Strategic Thinkers Are Found to Be the Most Highly Effective Leaders
When you think of the word “strategy,” it’s natural to think about rigid military postures and phalanxes of soldiers. But strategy is really nothing more than thinking a handful of moves ahead. It could be on a battlefield somewhere, certainly. But even zipper-merging onto a highway requires strategy.
And the workplace is no different. If you haven’t yet learned what separates strategic thinkers from the pack and made this sort of talent an important part of your workplace, here’s what you need to know.
How to Think Strategically Daily
Again, conjuring up ideas of strategy as it applies to military life is natural. Consequently, you might believe applying strategy is best for one-off events or something that happens a couple of times per year, such as planning for events you already know are approaching. But strategic thinking can and must happen daily — and it equips you to react to changes you don’t know about in advance.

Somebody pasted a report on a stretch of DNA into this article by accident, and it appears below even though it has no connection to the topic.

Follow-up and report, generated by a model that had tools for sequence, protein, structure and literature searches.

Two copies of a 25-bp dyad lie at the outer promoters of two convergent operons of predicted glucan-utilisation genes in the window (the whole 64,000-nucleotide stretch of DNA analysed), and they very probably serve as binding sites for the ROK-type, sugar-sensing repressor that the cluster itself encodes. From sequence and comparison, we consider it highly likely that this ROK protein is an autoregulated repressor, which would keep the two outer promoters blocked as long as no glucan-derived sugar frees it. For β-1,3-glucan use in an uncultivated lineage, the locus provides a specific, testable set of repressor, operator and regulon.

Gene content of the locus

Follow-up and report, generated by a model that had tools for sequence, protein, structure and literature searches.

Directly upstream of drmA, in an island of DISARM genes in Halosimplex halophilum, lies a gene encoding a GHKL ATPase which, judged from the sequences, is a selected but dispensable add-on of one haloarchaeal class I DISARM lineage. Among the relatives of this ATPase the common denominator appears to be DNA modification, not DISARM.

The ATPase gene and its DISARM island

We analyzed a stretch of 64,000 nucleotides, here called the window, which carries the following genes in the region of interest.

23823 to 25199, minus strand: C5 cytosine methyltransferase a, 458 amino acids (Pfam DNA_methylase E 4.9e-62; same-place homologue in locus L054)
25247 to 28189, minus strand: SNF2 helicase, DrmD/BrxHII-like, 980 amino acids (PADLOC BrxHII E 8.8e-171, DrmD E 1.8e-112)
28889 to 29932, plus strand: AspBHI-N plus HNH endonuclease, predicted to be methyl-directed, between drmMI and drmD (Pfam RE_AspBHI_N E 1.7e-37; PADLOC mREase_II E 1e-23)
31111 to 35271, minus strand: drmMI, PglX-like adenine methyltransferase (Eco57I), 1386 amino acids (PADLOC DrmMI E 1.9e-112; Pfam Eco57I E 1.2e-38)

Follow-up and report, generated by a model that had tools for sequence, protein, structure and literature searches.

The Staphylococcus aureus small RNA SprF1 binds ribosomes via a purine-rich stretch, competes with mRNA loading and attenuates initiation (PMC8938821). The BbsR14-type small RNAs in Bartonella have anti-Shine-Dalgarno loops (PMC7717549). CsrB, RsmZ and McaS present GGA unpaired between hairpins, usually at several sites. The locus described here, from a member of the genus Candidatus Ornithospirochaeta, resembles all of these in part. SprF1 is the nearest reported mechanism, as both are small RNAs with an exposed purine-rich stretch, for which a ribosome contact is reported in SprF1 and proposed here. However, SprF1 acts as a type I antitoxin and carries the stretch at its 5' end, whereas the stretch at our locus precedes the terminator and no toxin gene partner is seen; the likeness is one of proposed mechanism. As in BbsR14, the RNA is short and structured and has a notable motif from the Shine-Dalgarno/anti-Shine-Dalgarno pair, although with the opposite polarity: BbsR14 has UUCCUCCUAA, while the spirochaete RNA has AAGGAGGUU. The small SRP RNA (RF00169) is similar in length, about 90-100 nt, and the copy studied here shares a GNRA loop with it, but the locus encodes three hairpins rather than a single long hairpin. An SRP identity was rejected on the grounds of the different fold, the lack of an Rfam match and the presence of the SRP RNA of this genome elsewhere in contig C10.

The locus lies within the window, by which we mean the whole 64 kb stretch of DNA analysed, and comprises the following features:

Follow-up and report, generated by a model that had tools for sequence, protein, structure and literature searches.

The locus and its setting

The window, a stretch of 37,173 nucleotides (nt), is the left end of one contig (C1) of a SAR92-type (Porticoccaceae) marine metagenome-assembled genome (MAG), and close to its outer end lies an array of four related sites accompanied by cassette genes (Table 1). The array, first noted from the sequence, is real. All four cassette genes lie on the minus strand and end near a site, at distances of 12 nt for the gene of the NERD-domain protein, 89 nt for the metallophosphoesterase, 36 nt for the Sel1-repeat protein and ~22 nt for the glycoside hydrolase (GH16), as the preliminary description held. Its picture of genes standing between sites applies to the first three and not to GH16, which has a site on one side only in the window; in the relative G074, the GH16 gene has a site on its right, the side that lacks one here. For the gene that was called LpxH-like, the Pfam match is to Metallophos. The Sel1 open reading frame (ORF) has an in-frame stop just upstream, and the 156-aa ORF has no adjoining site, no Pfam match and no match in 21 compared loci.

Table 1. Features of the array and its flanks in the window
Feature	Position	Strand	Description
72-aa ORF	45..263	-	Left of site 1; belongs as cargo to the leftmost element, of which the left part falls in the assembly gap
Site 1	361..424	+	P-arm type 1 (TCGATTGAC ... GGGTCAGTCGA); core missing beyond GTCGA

According to multiple studies, people said strategic thinking was the leadership quality that correlated best with perceptions of “success” and “effectiveness” in the workplace — far more so even than communication skills and innovation. In other words, employees respect and value leaders who are mindful of the future and always seem prepared for it.
Why do people put such a high value on strategy? Perhaps because strategic thinkers appear surprised far less often than people who do not think strategically.